Dad gave me my first gun when I was 8. It was a single-shot .410 shotgun. It was loud and scary but Dad’s favorite at the time was a Remington over-and-under 12-gauge. It was even louder and scarier. I didn’t like guns much then and I don’t like them now. However, that doesn’t mean I get to live life in ignorant bliss. I’m a parent. It’s my responsibility to have an informed opinion on such things if I’m doing my job well.
Dad liked hunting and fishing. Hunting pheasants was one of his favorite things to do. I liked being outside and I’d do anything to hang out with Dad because he traveled constantly for work and I couldn’t ever be sure when I was going to see him again. So if he ever invited me to hunt, fish, or do anything at all, I went.
By age 10, I knew how to safely handle, field strip, and clean all of Dad’s weapons: shotguns of various makes/configurations, handguns (mostly Glocks chambered in a variety of calibers – Dad would whittle these down to a single G43 shortly before he passed) and a few rifles including a high-powered .30-06 and a lighter, more versatile .22 Magnum.
I enjoyed target shooting, trap, skeet. I enjoyed the way Dad explained specific weapons architecture. The way he taught me about the engineering that safely creates a controlled explosion in my hand using friendly analogies was uniquely accessible and memorable.
While I enjoyed spending time with Dad, I didn’t enjoy hunting. I more than once endured the scorn of one of some of his hunting pals for pulling an easy shot. “You PUSSY!” one of them shouted once. I was maybe 11 or 12. After that, I never went hunting again.
That’s about the time I remember beginning to feel angry. I’d carry that anger with me for decades as gun violence in the US continued to increase and create more and more controversy. I didn’t want the knowledge, I wanted to separate myself from guns. Period.
I carried it right up until a random, unplanned afternoon more than 30 years later. While driving 9 hours from Chicago to the University of Iowa Hospitals, I just happened to catch a podcast about gun control and some oppositional viewpoints. When I finally arrived, it was still fresh on my mind as I sat down in a room with Dad for the first of many chemo treatments he’d endure in the weeks that followed.
After some initial, nervous chit-chat with the nurses, Dad settled in a bit. We were otherwise alone in that room. I leaned over and asked him, “So how come you chose to teach me so much about guns so early in my life?”
Without pause, Dad told me a story that changed my life. I’ll paraphrase:
Dad was honorably discharged from the US Army in 1965. Shortly after resuming civilian life, he went to visit his best friend who’d just started a family. Just a couple days after Dad’s visit, the friend called him in tears. A neighbor kid showed his 7-year-old son “daddy’s gun” then accidentally shot and killed him.
Dad turned, looked me clear in the eyes and said, “I made a choice. I’d prefer there were no guns on Earth but to pretend that and potentially put someone you love at risk because someone’s afraid to talk about gun safety? I chose not to take that chance. I decided right there to ensure my kids have knowledge to help them survive a situation like that.”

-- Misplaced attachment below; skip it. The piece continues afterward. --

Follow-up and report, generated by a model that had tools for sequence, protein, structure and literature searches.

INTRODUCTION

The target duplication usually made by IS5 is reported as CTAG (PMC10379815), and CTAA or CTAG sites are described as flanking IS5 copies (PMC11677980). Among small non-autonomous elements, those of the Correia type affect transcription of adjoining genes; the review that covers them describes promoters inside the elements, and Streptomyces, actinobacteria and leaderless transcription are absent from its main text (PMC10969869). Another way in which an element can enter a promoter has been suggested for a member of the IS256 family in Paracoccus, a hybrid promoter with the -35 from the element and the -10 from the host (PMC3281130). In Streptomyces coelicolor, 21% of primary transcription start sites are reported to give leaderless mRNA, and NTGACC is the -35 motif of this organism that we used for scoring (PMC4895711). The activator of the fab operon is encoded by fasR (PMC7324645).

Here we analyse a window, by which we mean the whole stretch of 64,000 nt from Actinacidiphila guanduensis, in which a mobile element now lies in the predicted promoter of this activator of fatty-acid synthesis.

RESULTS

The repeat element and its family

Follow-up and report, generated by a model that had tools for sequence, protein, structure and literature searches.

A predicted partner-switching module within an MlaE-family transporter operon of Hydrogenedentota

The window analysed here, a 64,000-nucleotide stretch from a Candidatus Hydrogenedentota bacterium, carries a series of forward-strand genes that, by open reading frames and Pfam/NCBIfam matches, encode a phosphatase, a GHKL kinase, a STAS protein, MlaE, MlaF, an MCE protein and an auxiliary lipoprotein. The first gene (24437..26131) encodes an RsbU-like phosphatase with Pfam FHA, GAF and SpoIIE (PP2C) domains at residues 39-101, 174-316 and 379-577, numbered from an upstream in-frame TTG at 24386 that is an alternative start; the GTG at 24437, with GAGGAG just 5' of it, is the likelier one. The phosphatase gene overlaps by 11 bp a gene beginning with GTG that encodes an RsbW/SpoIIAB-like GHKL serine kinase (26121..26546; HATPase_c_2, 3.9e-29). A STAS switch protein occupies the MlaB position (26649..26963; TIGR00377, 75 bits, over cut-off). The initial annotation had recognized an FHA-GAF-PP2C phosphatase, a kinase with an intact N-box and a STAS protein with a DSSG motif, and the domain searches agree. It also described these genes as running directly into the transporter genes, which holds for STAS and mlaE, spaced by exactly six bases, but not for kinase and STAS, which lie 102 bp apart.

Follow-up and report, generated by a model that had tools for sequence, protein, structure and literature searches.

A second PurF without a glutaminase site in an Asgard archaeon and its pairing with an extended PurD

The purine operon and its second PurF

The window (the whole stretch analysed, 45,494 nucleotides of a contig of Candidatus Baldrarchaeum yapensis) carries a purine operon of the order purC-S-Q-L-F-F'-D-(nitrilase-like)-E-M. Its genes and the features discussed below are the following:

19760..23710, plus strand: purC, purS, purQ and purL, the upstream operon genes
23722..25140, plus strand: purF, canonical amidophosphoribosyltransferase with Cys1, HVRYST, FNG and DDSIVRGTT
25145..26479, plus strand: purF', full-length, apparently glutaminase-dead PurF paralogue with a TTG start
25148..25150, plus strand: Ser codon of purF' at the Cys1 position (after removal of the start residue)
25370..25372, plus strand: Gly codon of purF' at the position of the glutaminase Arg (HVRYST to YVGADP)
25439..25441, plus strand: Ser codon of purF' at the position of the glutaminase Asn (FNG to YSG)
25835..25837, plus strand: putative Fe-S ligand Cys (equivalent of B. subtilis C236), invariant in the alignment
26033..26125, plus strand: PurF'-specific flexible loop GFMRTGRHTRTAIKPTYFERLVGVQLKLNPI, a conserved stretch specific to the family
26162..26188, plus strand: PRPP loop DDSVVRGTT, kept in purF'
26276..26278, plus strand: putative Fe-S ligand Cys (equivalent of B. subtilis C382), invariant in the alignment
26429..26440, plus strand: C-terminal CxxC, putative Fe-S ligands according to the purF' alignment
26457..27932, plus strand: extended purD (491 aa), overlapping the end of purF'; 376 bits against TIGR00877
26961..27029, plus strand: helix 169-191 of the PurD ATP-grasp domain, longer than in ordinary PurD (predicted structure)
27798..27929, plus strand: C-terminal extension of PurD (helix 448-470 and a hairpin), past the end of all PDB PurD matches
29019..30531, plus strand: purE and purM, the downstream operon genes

I came clean, told Dad how I’d carried so much anger around about it. I didn’t know that story. I apologized over and over and broke down into a sobbing, wet mess. Dad did, too. It was an unforgettable and important moment.
I’m grateful I had the stones to ask. I’d have carried misguided anger around forever. We reached a new level of understanding and now I have a new reminder not to jump to any conclusions without getting the whole story, if possible.
Now I’m a grown up with my own family. About a year-and-a-half ago, Marielle (my wife) and I started conversations about situations that may one day require us to suddenly leave our home with our kids for unplanned reasons – war, bio-agents, or pandemics (!) We agreed to be practical but prepared for a broad spectrum of survival situations.
Will I be buying guns for my kids? No. Will I give them ample knowledge appropriate for their threat model? Yes.
To honor that responsibility, what I learned from Dad, and to nudge myself gently out of my comfort zone, I enrolled in some tactical weapons training to update my knowledge (the laws have changed since I last paid attention) and recharge my skills.
COVID19 is shaping the world in ways we won’t be able to see clearly right away. More people than ever are buying guns now. I hope the number of accidental deaths doesn’t increase in direct/indirect proportion due to many of the numbers being first-time buyers who have no training or experience.
The classes were full of people with all different backgrounds, politics, and values. I made some unlikely connections with my cohort. As different as we all were, we found common ground. We all share the same fate in a survival scenario. Like it or not, no cavalry is coming to save anyone.
Living and working in remote Southeast Alaska meant I always had general preparations, knowledge, and pretty sharp skills. When I moved to the Lower 48 a few years ago, I noticed right away the common mindset seems to be that there’s a cavalry coming to protect everyone from whatever all the time. Most people haven’t ever had a reason to believe otherwise so they generally don’t think it’s their responsibility.
For example, most parents don't ask their kids' friends' parents': "Do you have any guns in the house?" before allowing them to play there. It's important to always ask.
I’m not as pro-gun as I am pro-there-is-no-cavalry-coming-to-save-me from some of the uncertainties in life. I’ll continue to honor the lessons Dad learned the hard way so my family, friends, and I won’t have to.